Can You See The Russian Landers And Rovers On The Moon? Yes!

We don’t hear much about the Soviet program to explore and return samples of the moon to Earth, but the Russians were busy with lunar missions right from the start of the get-go. The first in a series of 24 flyby, lander and sample-return missions, dubbed the Luna Program, began with the Jan. 2, 1959 launch…
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Life’s Building Blocks Found On Dwarf Planet Ceres

Organic molecules — those made primarily of carbon, hydrogen, and oxygen atoms — are essential for life as we know it.  Carbon is the coolest, most special atom of all. Not only can it link in multiple ways to other atoms, but it happily links with itself to form incredibly complex molecules, the kind that…
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Rubber Ducky II — Radar Reveals Spinning, Twin-Lobed Comet

When the first close range photos of Rosetta’s Comet started coming in, a few of us joked it looked just like one of those rubber ducks we played with as kids in the bathtub. Only this duck was made of porous ice and dust and 2.5 miles (4 km) wide, though I suspect it would…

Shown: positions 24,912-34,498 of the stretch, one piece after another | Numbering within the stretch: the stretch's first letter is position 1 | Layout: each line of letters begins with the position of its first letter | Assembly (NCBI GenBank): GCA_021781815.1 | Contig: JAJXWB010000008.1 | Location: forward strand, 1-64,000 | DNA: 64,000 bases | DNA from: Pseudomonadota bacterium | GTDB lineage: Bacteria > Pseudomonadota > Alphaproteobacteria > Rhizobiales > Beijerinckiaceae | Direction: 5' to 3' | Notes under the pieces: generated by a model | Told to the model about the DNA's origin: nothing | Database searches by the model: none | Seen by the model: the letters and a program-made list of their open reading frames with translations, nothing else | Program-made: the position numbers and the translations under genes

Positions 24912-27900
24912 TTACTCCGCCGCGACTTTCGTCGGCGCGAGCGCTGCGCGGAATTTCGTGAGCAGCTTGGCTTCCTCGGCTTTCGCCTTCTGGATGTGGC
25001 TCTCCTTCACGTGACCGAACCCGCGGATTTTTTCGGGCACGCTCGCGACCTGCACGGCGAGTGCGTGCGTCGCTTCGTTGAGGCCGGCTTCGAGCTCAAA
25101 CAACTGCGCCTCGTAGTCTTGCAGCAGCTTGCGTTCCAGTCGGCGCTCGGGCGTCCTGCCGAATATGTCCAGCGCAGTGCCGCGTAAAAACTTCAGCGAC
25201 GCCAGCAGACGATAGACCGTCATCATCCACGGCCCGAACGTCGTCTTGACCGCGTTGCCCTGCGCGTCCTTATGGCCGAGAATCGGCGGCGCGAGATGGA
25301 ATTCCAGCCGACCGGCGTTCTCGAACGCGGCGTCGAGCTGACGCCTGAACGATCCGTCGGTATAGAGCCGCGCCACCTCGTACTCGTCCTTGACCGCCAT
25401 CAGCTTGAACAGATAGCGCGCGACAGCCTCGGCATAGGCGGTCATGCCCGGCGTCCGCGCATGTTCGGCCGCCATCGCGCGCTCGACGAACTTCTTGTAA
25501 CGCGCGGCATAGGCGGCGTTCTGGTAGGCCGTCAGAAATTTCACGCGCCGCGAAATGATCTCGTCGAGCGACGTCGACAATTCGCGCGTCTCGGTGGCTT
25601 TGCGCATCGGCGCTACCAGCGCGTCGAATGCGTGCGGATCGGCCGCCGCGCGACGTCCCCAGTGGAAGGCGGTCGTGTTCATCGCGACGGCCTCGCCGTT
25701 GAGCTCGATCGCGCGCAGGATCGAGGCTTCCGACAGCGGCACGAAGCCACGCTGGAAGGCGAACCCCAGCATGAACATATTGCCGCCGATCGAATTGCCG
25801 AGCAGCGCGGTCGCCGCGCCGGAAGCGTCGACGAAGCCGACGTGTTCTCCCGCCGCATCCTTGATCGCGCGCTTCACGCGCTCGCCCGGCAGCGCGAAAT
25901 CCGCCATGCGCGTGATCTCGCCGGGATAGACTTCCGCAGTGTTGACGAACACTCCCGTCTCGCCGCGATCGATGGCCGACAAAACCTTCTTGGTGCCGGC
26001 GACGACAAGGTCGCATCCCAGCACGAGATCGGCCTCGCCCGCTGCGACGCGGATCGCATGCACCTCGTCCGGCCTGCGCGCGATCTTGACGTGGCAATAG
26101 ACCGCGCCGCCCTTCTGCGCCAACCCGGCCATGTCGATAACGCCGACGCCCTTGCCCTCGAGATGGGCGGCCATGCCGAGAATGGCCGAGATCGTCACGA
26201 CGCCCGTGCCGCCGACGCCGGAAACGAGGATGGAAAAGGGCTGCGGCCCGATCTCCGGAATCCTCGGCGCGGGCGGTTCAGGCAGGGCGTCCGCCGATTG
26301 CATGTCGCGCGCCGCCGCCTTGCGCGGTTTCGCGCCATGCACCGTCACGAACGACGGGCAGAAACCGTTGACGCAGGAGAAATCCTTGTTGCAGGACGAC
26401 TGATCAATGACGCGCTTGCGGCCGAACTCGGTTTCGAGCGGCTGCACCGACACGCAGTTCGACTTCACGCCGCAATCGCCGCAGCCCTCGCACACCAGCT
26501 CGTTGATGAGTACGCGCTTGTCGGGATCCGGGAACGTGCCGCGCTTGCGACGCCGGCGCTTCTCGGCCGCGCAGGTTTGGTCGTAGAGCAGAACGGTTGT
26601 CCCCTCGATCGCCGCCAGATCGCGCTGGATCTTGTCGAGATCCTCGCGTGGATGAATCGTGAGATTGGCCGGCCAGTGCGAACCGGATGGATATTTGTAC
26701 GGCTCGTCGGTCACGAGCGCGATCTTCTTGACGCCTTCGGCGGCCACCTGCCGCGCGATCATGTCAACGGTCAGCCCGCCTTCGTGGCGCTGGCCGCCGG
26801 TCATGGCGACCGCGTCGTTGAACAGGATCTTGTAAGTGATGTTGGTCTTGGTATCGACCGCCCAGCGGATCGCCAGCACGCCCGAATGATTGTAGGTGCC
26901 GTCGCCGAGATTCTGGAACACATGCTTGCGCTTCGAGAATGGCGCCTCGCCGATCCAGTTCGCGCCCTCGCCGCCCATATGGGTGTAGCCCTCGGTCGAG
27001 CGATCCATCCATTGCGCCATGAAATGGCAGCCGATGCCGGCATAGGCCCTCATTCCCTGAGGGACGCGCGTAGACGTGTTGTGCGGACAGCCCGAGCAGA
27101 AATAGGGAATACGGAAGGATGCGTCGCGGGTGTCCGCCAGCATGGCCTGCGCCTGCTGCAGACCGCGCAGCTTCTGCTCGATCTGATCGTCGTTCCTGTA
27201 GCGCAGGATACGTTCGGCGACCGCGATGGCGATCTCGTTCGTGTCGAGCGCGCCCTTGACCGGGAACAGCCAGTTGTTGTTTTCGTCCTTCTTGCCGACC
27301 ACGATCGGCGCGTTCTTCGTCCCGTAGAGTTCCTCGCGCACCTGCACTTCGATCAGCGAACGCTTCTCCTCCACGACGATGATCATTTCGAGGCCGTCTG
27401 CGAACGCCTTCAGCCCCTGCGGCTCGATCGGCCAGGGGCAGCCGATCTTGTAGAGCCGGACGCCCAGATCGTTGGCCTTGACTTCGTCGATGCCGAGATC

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Asteroid Sample Mission Sends First Jupiter Pix, Searches For Earth Trojans

En route to the asteroid Bennu, NASA’s OSIRIS-REx space probe captured this image of Jupiter and three of its moons. It make look plain vanilla, but consider that the spacecraft was 76 million miles (122 million km) from Earth and 418 million miles (673 million km) from Jupiter on Feb. 12, when the photo was…
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Goodbye Moon! But Will The Green Comet Still Show?

Last week, several people asked about seeing “the comet.” They meant 45P/Honda-Mrkos-Pajdusakova — a mouthful, so the comet made sense. I’d written about 45P in an earlier blog when it was visible in the morning sky just before dawn and after moonset. But last Thursday, moonlight encroached on this fuzzy, spread-out object and pretty much blanked it…
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